- Microsoft Certified Systems Engineer (MCSE): This certification verifies user authorization to maintain specific technologies such as SharePoint and desktop infrastructure. Certifications must be achieved in each individual category.
- CompTIA A+ Technician: This certification enables technicians to maintain PCs, printers, mobile devices, laptops and smartphones.
The more education and certifications you have, the more likely you’ll get an IT job with higher pay. Of course, if you specialize in an area such as computer networking, you’ll be even more marketable to prospective employers.
Types of IT Jobs and Titles
Let’s take a look at some sample IT fields and titles that can fall under the larger IT umbrella.
Entry-level IT jobs. Entry-level IT jobs, called business analysts, computer support specialists or entry-level business analysts, require a college degree in computer science or a related field and require little or no experience. Common jobs performed in this category include help desk support, business analysis and technical support.
Software engineer. A software engineer, which could also be called a QA software engineer or software design engineer, is responsible for the daily maintenance of computer systems and servers. Typical tasks include installing, configuring and maintaining multiple servers as well as managing upgrades and resolving outages.
Computer technician. A computer technician, also called a computer repair technician or computer network technician, works with hardware and software and troubleshoot problems for customers. Computer technicians can work independently and run their own computer repair businesses. Duties might include installing software programs, configuring operating systems and assembling entire computers.
Management information systems. Management information systems jobs involve organizing computer resources and systems efficiently. Information systems managers (also called computer systems analysts or database administrators) manage an IT team tasked with creating, maintaining and managing computer systems.
Security director. A security director is a senior-level executive that can also be titled IT security director, security site director or security and privacy director. A security director oversees all IT security measures across an organization. He or she manages an IT security team focused on computer systems security, handles security threats and enforces user compliance, among other job functions.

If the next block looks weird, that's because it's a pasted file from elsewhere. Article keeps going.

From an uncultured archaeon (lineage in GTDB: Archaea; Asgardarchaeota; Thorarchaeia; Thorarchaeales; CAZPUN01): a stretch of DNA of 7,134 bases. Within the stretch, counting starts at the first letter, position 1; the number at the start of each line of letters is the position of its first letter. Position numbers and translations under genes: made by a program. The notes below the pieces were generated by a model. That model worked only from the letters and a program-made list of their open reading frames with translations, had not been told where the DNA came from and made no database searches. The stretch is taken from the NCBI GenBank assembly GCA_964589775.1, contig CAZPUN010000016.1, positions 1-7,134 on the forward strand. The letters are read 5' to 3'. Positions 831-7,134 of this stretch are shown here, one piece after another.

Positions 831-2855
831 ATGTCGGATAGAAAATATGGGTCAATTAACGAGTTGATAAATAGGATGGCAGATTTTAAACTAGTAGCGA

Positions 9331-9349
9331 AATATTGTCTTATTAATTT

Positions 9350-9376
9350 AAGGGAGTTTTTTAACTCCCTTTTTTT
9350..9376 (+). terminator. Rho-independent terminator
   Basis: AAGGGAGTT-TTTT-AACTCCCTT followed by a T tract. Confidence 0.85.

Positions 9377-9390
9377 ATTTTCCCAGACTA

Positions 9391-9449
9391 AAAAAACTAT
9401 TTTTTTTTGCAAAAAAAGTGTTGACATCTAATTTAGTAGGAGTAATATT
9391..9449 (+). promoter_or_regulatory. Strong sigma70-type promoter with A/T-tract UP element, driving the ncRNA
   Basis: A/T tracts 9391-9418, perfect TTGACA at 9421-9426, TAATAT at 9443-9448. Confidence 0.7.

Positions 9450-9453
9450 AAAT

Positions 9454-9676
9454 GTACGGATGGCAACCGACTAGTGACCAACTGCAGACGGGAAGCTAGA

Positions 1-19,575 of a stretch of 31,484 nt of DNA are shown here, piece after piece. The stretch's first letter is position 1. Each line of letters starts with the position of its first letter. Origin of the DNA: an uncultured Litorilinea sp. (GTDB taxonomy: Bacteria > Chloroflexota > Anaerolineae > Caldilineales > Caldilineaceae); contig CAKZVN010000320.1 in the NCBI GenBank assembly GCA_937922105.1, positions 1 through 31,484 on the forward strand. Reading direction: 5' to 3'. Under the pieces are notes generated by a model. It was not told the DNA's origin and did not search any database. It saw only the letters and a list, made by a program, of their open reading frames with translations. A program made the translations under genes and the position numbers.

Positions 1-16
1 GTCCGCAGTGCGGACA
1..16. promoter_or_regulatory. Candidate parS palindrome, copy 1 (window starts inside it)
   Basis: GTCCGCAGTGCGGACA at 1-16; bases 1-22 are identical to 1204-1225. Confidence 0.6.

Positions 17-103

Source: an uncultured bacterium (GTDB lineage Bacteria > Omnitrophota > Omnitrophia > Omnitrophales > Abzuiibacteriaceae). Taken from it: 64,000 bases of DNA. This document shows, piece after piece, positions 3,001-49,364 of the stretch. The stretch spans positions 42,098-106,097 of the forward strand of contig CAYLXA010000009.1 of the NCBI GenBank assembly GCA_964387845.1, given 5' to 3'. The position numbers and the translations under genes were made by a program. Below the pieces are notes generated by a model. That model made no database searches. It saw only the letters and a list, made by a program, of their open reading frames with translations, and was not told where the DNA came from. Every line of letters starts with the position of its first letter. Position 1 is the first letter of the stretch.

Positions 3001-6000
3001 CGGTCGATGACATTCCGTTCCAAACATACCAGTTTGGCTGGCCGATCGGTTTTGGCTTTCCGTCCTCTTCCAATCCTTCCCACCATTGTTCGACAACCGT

Enterprise architect. An enterprise architect collects and analyzes data generated by a company. Common job titles include systems architect or network architect, and typically, each enterprise architect analyzes the number of emails a company sends annually and evaluates trends and decides how the organization can use them.
Salary Ranges and Expectations for IT Jobs and Projected Growth Rate
Since there are so many different types of IT jobs the salary range varies significantly.
|Median Annual Salary|
Projected Growth Rate by 2026
|Computer Support Specialist||$53,470||11% (faster than average)|
|Computer Systems Analyst||$88,740||9% (average)|
|Database Administrator||$90,070||11% (faster than average)|
|Information Security Analyst||$98,350||28% (much faster than average)|
|Software Developer||$105,590||24% (much faster than average)|
|Computer Network Architect||$109,020||6% (average)|
Of course, salary also depends on your credentials and experience. Health care and cybersecurity are among the most in demand. There’s currently a global shortage of 2 million cybersecurity professionals, according to ISACA, a non-profit information security advocacy group.
Since nearly 30% of all breached organizations lose revenue, businesses have a huge need for security analysts and cybersecurity specialists.
How to Get a Job in IT
Assuming you have the right education and certifications, how do you find a job in the IT industry? Here are some tips to help you jumpstart your job search: